Mosque closure declared Israeli ‘act of war’

Right'wing Jews are restrained by police at the al'Aqsa site. Picture: Getty
Right'wing Jews are restrained by police at the al'Aqsa site. Picture: Getty
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POLICE in Israel have shot dead a 32-year-old Palestinian man suspected of trying to kill a far-right Jewish activist and closed access to an important Islamic site.

The closure of the al-Aqsa mosque compound, or Temple Mount, led to fierce clashes in East Jerusalem amid fears of a new intifada, or Palestinian uprising. It was the first full closure of the site, venerated by both Jews and Muslims, in 14 years.

Palestinian president Mahmoud Abbas denounced Israeli actions as “tantamount to a ­declaration of war”.

The Palestinian who was killed was named as Moataz ­Hejazi. His body was left lying in a pool of blood among satellite dishes on the roof of a three-storey house in Abu Tor, part of Arab East Jerusalem, as Israeli forces sealed the area and came under attack from stone-throwing Palestinians.

Mr Hejazi was suspected of shooting and wounding Yehuda Glick, a far-right religious activist who has led a campaign for Jews to be allowed to pray on the Temple Mount compound.

Mr Glick, 48, a US-born settler, was shot as he left a conference at the Menachem Begin Heritage Centre in Jerusalem late on Wednesday. The gunman fled on the back of a motorcycle.

A spokesman for the centre said Mr Hejazi had worked at a restaurant there. Mr Glick – who suffered four gunshot wounds – was in hospital in a serious but stable condition, doctors said yesterday.

Residents said hundreds of Israeli police had been involved in the pre-dawn search for Mr Hejazi. He was traced to his family home in the back-streets of Abu Tor and cornered on the terrace of an adjacent building.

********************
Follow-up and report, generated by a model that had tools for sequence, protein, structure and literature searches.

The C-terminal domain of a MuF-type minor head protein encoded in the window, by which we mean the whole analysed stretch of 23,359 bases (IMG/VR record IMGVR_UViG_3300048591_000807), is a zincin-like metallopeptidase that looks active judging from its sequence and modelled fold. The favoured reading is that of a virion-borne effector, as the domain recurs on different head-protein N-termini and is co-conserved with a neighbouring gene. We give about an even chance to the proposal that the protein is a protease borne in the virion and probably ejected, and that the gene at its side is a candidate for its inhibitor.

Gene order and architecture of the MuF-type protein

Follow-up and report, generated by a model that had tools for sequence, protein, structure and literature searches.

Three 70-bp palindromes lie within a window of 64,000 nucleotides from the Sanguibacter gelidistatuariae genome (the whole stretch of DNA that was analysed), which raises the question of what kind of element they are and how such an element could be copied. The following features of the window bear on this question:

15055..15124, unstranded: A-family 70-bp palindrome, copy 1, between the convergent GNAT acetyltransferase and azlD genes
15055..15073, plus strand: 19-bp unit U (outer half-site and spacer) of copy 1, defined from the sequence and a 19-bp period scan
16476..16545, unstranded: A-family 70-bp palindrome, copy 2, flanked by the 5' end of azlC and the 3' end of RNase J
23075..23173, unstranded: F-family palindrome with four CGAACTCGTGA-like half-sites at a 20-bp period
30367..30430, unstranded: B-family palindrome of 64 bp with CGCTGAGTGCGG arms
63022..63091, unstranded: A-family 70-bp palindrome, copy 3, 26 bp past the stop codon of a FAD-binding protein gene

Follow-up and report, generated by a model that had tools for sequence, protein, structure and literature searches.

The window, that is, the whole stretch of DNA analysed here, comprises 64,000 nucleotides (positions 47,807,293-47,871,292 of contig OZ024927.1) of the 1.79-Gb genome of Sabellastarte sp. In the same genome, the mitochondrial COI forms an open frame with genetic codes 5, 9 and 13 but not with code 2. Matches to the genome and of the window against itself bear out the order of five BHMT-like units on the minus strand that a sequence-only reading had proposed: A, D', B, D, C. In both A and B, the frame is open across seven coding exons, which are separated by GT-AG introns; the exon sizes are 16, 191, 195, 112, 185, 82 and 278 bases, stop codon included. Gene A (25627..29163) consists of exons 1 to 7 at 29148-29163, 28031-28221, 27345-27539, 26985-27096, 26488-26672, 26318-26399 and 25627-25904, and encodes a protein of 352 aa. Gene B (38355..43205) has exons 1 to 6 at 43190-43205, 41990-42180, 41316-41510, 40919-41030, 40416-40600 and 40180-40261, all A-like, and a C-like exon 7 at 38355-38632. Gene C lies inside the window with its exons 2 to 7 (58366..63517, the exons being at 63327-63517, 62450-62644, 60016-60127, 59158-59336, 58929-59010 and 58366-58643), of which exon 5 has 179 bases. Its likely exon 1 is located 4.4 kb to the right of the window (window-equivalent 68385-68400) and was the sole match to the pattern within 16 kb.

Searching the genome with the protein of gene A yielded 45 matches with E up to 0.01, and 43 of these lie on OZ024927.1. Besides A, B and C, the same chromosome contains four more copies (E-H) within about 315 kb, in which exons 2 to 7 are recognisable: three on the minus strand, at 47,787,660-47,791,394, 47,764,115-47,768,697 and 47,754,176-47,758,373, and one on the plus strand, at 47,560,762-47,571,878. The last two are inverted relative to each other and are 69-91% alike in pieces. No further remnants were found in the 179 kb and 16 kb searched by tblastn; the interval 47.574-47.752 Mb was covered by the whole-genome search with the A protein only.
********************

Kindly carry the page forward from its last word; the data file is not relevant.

Police spokesman Micky Rosenfeld said: “Anti-terrorist units surrounded a house in the Abu Tor neighbourhood to arrest a suspect in the attempted murder of Yehuda Glick.

“Immediately upon arrival, they were shot at. They returned fire and shot and killed the ­suspect.”

Locals said Mr Hejazi had been released from 11 years in an Israeli prison in 2012. His father and brother were arrested. Israeli police fired sound bombs to keep back groups of angry residents, who shouted abuse as they watched the drama unfold from surrounding balconies.

Hamas and Islamic Jihad, two militant groups, praised the shooting of Mr Glick and mourned Mr Hejazi’s death.

“We praise his martyrdom that came after a life full of jihad and sacrifice and which responded to the call of holy duty in defending al-Aqsa mosque,” Islamic Jihad said.

East Jerusalem – captured by Israel in the 1967 Middle East war and occupied ever since – has been a source of intense ­friction in recent months, especially around Silwan, which sits in the shadow of the Old City and al-Aqsa.

Jewish settler organisations have acquired more than two dozen buildings in Silwan over the years, including nine in the past three months, and moved settler families into them, in an ­effort to make the district more Jewish. Around 500 settlers now live among about 40,000 Palestinian residents.

That process, combined with the tension over the site, which is the third-holiest shrine in Islam and the holiest place in Judaism, have led, say locals, to the most-fractious atmosphere in East Jerusalem in more than a decade – since the second intifada, or uprising, began in 2000.

Yesterday, crowds of young Palestinian men and boys blocked streets with rubbish skips and lit fires near where Mr Hejazi was killed. They smashed tiles and bricks and threw the shards at Israeli police, masking their faces with bandanas or pulling hooded tops around their heads. Police responded with sound bombs and tear gas, scattering the crowd.

After Mr Glick was shot, far-right Jewish groups urged supporters to march on al-Aqsa yesterday morning, prompting the police decision to close the site to all visitors.